Trial registration

ClinicalTrials.govCRD42020161329. Registered on 28 April 2020.

Peer Review reports

Background

Multimorbidity, defined as the coexistence of two or more chronic conditions, is a major priority in health care and research [1, 2]. A possible explanation is that multimorbidity is becoming a rapidly escalating problem in most healthcare systems because of its increasing prevalence with age and association with increased mortality, worse functional status and reduced health-related quality of life (HRQoL) [2,3,4,5]. This increasing burden combined with the complexity of multimorbidity challenges the current perspectives of standard care, which focus on single disease-oriented management programs rather than specific patient-oriented care [6, 7].

Chronic conditions such as osteoarthritis, hypertension, type 2 diabetes mellitus, depression, heart failure, ischemic heart disease, and chronic obstructive pulmonary disease are among the leading causes of global disability, affecting hundreds of millions of people worldwide [8]. These conditions often coexist and are linked by a common risk factor (physical inactivity) and pathogenesis (systemic low-grade inflammation) which potentially causes a cascade of reactions resulting in the development of a ‘vicious cycle’ of chronic diseases and poor outcomes [9, 10].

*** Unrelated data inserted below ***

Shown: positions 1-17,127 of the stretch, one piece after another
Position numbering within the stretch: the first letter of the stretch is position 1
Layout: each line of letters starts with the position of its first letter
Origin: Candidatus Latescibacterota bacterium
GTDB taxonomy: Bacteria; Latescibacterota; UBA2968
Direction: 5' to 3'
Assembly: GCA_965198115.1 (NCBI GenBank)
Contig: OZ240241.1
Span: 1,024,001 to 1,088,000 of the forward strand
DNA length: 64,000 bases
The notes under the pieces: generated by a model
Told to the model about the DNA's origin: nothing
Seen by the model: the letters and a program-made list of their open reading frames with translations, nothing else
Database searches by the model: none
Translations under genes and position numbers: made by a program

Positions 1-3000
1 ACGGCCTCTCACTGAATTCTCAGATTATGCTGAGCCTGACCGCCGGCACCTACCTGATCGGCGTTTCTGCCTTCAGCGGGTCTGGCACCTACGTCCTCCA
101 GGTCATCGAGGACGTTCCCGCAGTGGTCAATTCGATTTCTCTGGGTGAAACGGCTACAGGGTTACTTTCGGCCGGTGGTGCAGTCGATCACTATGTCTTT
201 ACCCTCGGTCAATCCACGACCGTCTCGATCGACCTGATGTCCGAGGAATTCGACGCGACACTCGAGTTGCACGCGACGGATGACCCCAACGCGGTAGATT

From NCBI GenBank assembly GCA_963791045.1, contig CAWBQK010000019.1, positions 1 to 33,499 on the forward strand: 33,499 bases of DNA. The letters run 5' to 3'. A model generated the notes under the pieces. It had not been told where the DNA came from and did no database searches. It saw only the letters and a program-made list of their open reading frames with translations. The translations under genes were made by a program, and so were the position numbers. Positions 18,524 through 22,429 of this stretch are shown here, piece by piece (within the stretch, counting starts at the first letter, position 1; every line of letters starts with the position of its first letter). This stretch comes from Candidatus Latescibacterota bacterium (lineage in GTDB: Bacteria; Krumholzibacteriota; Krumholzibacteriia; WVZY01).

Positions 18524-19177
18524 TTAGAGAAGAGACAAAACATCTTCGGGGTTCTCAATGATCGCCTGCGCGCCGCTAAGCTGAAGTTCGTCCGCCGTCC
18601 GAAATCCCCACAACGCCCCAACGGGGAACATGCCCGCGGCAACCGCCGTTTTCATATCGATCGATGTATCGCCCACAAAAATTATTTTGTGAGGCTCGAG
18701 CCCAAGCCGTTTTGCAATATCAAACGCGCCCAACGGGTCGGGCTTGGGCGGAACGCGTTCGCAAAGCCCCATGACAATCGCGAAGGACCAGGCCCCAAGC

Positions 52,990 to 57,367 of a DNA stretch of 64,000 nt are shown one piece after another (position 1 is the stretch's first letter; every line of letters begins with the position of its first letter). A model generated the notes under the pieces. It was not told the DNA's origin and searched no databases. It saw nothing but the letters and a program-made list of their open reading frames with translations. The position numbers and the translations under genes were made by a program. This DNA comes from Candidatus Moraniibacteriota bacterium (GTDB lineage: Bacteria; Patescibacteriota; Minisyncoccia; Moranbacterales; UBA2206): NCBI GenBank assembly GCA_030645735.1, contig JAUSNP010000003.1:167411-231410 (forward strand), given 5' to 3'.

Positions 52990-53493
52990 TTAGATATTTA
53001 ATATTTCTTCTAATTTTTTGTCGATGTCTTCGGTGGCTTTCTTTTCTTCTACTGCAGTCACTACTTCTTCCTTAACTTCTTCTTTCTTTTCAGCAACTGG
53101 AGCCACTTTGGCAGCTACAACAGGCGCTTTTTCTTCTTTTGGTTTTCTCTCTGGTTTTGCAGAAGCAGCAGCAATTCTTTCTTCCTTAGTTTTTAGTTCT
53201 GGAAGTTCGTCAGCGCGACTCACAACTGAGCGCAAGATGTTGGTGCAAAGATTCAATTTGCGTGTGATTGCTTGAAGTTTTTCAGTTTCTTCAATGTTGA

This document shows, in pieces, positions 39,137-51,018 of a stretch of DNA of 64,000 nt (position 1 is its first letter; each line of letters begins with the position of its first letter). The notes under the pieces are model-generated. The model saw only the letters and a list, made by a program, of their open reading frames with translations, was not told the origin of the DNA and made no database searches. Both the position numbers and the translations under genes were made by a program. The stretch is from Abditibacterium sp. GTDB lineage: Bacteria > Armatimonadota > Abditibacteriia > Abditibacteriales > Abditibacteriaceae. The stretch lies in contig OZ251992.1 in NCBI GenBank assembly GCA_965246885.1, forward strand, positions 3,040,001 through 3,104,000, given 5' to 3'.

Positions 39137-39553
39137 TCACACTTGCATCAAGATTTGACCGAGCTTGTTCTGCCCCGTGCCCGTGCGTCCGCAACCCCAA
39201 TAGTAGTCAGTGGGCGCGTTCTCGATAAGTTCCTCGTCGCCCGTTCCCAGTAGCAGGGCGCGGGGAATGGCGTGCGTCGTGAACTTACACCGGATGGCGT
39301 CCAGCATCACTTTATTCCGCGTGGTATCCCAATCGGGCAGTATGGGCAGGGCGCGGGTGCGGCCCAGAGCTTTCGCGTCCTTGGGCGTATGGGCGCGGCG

Randomised controlled trials (RCTs) are the gold standard of experimental study designs [11]. However, RCTs with poor recruitment and retention rates are considered a threat to the validity of the results [12] and it is widely agreed that research that identifies strategies for improving recruitment and retention is a priority [13]. Prior systematic reviews within the medical field have reported wide ranges of recruitment and retention rates [14,15,16,17], and individual studies have identified that recruiting and retaining patients in multimorbidity in clinical trials is challenging [18, 19]. Possible sources of poor recruitment and retention include lack of good communication between the patient and recruitment staff and negative attitude of research staff [20].